Sunday Observer Online


Sunday, 10 January 2016





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Sluggish export performance needs urgent attention - Experts

Policy makers should pay urgent attention to stimulate export growth which has been sluggish for over a year, trade experts said.

Cumulative trade deficit as at end October 2015 increased by 2.5 percent mainly due to the subdued export performance as a result of depressed global demand, a Central Bank report said.

Earnings from exports at US dollars 847.3 million in October 2015 declined by 6.0 percent, year-on-year, reflecting lower earnings from exports of all major categories mainly due to weak global demand.

Tea, rubber products and garments exports contributed largely to the overall decline in exports. The continued decline in demand for tea from Russia and the Middle East mainly caused export earnings to decline significantly by 11.2 percent, year-on-year in October 2015.

As a result, the average export prices of tea decreased by 16.7 percent to US dollar 4.11 per kilogram during the month compared to US dollars 4.93 per kilogram recorded in October 2014.

Export earnings from garments, which contribute nearly 43 percent to total exports, declined by 3.6 percent in October 2015, reflecting significantly lower exports to EU markets.

Earnings from rubber product exports continued to weaken and recorded an 18.7 percent year-on-year decline in October reflecting a substantial reduction in global demand.

Lower export earnings from gems, diamonds and jewellery, petroleum products and sea food also contributed considerably to the overall decline in exports.

However, earnings from spice exports recorded a continuous growth so far this year.

On a cumulative basis, earnings from exports declined by 3.9 percent to US dollars 8,843 million during the first ten months of 2015, reflecting a significant decline in earnings from tea, rubber products and sea food exports.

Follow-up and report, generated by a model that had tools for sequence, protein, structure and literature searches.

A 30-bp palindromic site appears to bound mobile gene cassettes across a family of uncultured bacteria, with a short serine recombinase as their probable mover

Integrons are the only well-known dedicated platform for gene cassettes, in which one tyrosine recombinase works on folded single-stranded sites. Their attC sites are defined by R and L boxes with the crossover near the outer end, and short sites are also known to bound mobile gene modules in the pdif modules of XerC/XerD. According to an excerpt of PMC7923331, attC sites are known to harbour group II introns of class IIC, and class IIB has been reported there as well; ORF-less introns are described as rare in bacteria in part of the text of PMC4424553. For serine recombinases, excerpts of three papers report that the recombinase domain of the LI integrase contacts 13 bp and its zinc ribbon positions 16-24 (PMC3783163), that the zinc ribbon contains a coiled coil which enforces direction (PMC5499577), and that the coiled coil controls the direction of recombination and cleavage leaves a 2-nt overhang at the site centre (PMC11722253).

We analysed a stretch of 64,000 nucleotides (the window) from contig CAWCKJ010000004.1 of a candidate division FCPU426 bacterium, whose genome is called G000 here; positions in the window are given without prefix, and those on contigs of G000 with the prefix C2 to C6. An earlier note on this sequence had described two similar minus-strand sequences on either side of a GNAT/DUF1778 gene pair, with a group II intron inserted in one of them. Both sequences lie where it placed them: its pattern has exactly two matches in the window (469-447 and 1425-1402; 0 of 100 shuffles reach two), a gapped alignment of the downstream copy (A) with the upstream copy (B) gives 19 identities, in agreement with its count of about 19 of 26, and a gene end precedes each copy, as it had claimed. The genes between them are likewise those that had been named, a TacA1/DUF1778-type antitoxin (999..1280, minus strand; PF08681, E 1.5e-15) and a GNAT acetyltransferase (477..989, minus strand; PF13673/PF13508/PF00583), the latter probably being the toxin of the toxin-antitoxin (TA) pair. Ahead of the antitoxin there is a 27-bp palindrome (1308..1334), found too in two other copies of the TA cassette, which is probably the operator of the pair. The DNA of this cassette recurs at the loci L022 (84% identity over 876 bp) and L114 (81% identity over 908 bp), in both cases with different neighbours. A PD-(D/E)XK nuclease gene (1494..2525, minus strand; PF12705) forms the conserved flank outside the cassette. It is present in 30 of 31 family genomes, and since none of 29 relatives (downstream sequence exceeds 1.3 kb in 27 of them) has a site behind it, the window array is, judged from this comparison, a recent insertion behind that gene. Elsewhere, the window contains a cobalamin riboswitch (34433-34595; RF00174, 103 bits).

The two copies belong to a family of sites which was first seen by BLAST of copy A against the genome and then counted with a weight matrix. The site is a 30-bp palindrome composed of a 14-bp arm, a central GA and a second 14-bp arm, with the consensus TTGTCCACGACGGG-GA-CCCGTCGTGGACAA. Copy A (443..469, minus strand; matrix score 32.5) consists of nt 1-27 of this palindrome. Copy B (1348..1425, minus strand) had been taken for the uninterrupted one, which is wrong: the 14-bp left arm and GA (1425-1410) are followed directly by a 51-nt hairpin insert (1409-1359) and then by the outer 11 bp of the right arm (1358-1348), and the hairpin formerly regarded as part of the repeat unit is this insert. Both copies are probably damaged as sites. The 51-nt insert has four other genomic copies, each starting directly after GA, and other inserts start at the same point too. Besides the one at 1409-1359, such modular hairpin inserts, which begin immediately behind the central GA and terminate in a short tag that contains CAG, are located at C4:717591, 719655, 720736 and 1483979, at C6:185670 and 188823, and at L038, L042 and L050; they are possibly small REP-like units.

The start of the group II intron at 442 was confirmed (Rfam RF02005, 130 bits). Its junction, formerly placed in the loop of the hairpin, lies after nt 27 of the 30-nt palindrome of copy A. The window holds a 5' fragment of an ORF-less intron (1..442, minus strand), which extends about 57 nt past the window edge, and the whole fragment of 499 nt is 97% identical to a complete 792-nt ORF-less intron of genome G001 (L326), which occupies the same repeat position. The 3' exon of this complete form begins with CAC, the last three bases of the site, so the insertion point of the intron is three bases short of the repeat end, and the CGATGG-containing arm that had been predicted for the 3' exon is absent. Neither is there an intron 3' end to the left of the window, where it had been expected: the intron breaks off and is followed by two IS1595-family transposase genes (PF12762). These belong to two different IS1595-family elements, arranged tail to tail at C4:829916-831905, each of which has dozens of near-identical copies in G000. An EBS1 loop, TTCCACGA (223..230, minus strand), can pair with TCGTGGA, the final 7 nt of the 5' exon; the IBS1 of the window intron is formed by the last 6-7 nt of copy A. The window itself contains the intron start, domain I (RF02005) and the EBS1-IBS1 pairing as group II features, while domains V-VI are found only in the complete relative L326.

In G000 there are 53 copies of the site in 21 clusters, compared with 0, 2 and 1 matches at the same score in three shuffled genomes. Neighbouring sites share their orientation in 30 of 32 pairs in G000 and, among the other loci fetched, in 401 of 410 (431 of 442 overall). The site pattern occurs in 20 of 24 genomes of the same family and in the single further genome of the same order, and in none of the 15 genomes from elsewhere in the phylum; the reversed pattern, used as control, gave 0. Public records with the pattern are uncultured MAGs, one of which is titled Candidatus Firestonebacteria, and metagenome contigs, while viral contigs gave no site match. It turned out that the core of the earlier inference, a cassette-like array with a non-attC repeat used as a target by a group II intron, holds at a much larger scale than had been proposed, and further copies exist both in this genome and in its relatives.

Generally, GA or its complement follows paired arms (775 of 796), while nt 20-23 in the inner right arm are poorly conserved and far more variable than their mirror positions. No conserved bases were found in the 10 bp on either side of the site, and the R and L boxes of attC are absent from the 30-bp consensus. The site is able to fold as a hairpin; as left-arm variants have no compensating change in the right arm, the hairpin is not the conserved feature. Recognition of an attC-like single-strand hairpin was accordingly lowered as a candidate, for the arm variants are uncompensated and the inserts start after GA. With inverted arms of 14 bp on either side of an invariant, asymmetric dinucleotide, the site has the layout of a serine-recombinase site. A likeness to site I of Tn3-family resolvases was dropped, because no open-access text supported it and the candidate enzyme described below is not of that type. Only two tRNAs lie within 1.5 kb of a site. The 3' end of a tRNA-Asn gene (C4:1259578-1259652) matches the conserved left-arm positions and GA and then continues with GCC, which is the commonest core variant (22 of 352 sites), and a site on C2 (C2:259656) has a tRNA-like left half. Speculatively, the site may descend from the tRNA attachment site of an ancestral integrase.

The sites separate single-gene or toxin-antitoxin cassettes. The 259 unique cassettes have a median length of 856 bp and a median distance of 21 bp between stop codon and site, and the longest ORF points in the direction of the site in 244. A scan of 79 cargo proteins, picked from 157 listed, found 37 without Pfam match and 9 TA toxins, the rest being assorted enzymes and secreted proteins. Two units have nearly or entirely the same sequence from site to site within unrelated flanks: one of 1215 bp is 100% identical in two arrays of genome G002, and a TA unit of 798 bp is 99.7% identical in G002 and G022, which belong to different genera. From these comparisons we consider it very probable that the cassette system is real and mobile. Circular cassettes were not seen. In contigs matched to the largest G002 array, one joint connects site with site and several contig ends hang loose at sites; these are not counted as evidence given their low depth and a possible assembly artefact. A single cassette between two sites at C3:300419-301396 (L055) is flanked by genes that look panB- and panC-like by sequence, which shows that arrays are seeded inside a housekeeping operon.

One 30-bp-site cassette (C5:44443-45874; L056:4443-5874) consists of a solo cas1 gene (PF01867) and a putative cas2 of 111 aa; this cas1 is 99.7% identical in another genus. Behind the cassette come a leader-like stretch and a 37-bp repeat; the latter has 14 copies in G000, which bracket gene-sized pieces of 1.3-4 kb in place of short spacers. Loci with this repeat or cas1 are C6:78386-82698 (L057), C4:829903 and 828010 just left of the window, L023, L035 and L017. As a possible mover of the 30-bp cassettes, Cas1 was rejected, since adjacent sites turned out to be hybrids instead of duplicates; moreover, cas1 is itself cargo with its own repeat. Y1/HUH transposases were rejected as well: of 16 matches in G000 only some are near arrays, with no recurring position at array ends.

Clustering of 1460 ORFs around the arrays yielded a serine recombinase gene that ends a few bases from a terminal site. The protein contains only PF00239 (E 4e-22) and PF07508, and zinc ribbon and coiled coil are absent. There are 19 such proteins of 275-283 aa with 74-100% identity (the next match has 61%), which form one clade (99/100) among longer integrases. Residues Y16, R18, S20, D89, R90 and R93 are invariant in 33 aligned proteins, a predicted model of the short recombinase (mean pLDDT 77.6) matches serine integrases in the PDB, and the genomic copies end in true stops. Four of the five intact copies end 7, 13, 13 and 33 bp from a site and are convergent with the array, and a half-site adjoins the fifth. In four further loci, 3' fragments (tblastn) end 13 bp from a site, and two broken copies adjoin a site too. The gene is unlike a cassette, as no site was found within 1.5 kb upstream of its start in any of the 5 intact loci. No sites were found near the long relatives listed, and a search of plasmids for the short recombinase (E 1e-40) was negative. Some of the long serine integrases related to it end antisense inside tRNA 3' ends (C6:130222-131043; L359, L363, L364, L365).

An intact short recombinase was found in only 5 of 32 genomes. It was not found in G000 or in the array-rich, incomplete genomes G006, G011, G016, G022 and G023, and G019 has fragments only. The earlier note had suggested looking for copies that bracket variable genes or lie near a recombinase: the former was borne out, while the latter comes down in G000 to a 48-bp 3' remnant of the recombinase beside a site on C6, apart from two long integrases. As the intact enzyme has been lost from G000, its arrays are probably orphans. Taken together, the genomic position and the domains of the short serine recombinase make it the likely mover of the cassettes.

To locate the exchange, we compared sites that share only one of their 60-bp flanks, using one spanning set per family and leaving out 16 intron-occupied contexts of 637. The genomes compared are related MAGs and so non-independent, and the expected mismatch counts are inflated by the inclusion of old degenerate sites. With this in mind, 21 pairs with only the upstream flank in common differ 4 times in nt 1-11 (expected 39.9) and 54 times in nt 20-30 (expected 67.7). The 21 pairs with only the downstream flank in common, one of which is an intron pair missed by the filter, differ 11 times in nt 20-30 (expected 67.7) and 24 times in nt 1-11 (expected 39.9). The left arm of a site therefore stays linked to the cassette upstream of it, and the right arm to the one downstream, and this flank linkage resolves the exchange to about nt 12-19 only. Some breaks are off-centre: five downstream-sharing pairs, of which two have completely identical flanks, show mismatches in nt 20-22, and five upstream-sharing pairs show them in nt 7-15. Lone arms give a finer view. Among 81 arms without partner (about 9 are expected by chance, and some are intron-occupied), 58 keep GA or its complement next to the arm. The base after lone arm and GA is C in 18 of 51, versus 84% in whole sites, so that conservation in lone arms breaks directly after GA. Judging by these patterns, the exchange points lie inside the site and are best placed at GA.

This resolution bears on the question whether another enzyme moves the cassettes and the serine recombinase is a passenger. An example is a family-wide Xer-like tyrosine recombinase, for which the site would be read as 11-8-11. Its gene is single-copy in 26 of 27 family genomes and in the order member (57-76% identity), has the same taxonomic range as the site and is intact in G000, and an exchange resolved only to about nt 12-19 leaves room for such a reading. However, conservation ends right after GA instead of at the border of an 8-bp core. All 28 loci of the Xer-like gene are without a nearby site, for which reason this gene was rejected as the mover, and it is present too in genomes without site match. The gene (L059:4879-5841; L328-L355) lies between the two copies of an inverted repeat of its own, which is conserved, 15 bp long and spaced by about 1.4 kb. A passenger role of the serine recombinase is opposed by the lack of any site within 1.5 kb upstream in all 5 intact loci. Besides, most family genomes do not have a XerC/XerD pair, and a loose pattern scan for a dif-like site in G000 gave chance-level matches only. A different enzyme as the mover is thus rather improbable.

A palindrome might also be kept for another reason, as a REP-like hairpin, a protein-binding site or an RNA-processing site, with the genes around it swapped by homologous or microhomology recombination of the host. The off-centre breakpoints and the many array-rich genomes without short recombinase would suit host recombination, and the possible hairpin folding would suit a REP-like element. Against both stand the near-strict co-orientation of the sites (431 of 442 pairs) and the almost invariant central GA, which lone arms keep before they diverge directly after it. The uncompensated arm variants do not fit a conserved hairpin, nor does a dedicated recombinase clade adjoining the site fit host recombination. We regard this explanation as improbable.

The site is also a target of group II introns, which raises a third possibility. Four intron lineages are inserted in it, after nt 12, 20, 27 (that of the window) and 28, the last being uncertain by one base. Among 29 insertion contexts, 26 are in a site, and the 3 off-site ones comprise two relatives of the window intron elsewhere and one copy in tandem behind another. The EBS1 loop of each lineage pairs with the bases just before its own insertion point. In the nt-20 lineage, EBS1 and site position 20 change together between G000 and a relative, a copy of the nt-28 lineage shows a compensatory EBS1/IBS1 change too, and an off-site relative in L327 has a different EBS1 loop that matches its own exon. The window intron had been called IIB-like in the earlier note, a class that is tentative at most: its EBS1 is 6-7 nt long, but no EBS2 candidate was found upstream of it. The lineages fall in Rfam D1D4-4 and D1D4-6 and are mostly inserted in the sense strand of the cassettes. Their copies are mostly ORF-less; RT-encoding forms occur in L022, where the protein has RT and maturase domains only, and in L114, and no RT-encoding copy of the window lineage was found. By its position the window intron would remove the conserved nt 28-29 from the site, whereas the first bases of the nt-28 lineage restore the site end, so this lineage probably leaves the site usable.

The leading markets for merchandise exports of Sri Lanka during the first ten months of 2015 were the USA, UK, India, Germany and Italy accounting for about 51 percent.

Import performance. Continuing the declining trend recorded in the preceding three months, expenditure on imports decreased by 6.4 percent, year-on-year, to US dollars 1,638.3 million in October 2015. The largest contribution for this reduction had come from fuel imports, followed by rice and textile and textile articles. Despite the increase in import volumes of both crude oil and refined petroleum, the fuel import bill declined by 30.5 percent in October 2015 reflecting the substantial decrease in oil prices.

The average import price of crude oil declined to US dollars 49.3 per barrel in October 2015 compared to US dollars 99.4 per barrel recorded in October 2014. In line with the reduction recorded in garment exports, import expenditure on textile and textile articles declined by 21.0 percent during the month.

Rice imports declined by around 98 percent in October 2015, year-on-year, reflecting the base effect of significantly high rice imports recorded in the previous year owing to lower domestic supply. Meanwhile, wheat and diamond imports also declined significantly.

However, imports of consumer durables continued to increase in October 2015, driven mainly by personal vehicles. Expenditure on importation of personal vehicles increased by 23.6 percent, year-on-year, higher growth in the import of motor cars despite the decline recorded in import of motorcycles. Imports of trishaws also increased by more than two-fold in October 2015.



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